During the Saving Food through Collaboration session, panelists from leading NGOs, CEO-led initiatives, retailer collaborations, and financial services echoed the importance of looking across the supply chain to address food waste. Strategies like dynamic pricing and artificial intelligence are projected to help reduce surplus and support better consumer behavior in stores as well as in homes. One example of this was to have the consumer scan packages with a smartphone to make more informed purchase decisions. 

4. Investment need to focus on systems solutions  

Because food waste is a wide-reaching problem, it can feel daunting to address it. During the Innovations in Food Waste Prevention session, panelists with investment, consulting, and research backgrounds shared how they’re working to define and scale a range of food waste solutions, such as active packaging technologies. Ultimately, the problem will require brands to share the costs, educate consumers, and pursue solutions on a systems scale. 

What do these systems-level solutions look like? The Head of Sustainability at Pearlfisher, Brandi Parker, explored the history of packaging and how we’ve created solutions to immediate food problems, like storage and convenience, while creating future problems like plastic pollution. Going forward, we might consider moving food production closer to where people live, or openly addressing societal standards of perfection that cause us to throw away perfectly good produce simply because of cosmetic flaws. 

5. Give consumers the information they need – and make it fun

Consumers don’t want to throw away food – they want to get more value from the products they buy, but often aren’t sure how to do this. WRAP’s Helen White shared category-specific messaging and iconography that brands can add to their packaging to give consumers more information and options. The example she gave was a refrigerator logo to encourage consumers to store the product in the fridge at the suggested temperature, or instructions on how to freeze an unused portion of the product.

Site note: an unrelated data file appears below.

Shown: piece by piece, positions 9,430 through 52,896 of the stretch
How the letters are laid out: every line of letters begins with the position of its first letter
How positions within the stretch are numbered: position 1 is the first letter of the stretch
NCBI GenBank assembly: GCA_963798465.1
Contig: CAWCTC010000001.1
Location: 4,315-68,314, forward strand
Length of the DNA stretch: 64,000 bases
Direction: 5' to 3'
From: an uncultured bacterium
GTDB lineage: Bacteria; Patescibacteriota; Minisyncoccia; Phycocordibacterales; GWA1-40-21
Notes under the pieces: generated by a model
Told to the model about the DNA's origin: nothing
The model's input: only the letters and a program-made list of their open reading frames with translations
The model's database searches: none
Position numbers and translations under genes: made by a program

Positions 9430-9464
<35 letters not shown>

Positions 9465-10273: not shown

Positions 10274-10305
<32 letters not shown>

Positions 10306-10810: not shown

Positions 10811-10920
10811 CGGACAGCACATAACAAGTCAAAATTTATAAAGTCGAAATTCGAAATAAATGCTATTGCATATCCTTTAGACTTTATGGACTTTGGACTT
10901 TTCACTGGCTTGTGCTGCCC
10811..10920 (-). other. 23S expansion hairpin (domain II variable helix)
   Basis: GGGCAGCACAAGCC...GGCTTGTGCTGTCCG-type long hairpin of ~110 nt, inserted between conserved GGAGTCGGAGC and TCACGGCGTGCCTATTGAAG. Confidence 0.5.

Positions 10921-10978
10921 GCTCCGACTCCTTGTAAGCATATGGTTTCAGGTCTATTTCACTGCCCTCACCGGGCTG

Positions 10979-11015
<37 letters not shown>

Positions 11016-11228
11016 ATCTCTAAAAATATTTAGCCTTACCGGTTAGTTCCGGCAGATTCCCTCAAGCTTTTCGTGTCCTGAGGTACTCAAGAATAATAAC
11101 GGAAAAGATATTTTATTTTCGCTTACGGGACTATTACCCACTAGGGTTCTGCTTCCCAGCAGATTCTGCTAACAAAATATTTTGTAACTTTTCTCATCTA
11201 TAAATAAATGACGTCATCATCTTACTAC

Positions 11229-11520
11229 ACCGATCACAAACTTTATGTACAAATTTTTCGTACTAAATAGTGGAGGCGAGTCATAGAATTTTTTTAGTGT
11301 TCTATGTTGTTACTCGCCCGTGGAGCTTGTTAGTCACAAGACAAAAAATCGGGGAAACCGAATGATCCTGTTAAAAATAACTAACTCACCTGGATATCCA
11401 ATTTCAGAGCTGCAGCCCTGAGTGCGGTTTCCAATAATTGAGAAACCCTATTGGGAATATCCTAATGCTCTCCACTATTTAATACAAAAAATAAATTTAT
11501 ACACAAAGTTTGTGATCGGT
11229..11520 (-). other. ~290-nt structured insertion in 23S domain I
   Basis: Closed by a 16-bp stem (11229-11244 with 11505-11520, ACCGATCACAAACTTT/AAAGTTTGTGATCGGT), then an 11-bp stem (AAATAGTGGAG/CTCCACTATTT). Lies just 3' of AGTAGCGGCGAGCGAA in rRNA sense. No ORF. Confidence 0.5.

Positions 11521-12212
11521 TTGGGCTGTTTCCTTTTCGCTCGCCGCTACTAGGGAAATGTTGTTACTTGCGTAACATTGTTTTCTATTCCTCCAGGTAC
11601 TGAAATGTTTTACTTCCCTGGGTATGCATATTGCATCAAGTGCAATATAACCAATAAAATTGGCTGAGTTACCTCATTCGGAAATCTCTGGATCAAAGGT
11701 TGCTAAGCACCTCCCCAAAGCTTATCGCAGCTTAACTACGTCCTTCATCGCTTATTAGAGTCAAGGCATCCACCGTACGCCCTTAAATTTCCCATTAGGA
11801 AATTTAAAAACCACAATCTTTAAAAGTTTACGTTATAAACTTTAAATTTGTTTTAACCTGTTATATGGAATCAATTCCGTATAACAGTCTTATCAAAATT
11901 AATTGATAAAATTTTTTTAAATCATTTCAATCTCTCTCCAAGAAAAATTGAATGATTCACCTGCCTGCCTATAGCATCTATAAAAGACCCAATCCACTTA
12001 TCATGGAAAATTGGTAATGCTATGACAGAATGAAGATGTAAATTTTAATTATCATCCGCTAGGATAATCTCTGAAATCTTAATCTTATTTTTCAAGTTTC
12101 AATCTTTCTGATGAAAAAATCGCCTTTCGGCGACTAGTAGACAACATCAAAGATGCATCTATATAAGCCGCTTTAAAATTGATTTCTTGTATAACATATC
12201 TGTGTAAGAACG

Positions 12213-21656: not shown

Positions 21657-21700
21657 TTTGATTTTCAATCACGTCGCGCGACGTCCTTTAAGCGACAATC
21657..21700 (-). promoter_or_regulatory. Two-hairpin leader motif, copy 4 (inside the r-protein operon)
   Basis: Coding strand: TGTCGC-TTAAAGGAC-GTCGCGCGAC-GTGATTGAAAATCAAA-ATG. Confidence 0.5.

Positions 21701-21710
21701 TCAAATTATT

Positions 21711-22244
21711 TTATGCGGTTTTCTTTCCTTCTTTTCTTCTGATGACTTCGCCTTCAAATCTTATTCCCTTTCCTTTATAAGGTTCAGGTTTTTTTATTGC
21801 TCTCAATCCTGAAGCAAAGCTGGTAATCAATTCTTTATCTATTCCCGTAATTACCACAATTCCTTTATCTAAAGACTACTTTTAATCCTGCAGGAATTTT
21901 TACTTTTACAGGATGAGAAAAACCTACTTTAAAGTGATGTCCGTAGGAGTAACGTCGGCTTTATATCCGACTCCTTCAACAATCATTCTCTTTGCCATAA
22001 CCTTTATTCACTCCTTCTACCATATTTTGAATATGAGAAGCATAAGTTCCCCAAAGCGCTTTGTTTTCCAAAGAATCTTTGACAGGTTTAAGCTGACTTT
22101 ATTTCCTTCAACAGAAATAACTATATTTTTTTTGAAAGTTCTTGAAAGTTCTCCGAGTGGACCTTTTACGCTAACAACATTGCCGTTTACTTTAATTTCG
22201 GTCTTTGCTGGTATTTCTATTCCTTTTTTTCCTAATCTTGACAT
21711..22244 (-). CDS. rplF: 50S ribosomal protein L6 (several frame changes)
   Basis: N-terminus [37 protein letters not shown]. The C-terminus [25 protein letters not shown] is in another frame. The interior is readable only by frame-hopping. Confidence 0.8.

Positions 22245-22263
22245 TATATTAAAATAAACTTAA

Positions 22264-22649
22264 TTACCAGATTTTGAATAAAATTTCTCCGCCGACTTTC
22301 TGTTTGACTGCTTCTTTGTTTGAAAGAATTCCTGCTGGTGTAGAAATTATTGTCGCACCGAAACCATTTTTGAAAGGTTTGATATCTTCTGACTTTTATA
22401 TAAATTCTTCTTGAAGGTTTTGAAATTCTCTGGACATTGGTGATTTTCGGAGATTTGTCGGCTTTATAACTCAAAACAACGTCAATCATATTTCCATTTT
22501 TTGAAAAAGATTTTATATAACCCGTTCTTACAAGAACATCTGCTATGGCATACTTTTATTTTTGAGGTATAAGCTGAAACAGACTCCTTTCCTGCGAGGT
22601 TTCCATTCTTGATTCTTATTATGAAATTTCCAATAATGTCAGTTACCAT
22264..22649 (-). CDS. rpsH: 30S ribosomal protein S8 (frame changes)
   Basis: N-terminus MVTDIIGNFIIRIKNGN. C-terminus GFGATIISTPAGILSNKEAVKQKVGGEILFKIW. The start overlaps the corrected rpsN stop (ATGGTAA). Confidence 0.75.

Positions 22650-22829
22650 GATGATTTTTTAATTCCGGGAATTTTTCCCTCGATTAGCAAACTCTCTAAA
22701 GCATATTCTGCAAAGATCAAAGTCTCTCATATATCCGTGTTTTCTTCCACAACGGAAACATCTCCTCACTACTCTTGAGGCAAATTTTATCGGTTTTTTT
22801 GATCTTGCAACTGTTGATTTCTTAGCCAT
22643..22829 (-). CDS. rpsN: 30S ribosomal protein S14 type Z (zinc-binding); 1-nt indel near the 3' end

As highlighted in our final session with Chef Joel Gamoran, there is an incredible opportunity for brands to take responsibility for waste and partner with consumers in the fight against food waste, leading with simple benefits like cost savings or more flavor. Packaging can educate consumers with QR codes and recipe tips, or be designed to serve multiple functions, like a clamshell that doubles as a strainer or a storage container. 

Over the course of ten sessions, the Learning Series showcased global perspectives and leading research into the food waste problem. With these insights and innovations now in one place, we hope you’ll be inspired to learn how to design packaging to help prevent food waste across the supply chain. If you missed any of these sessions, they are available on-demand here: LINK.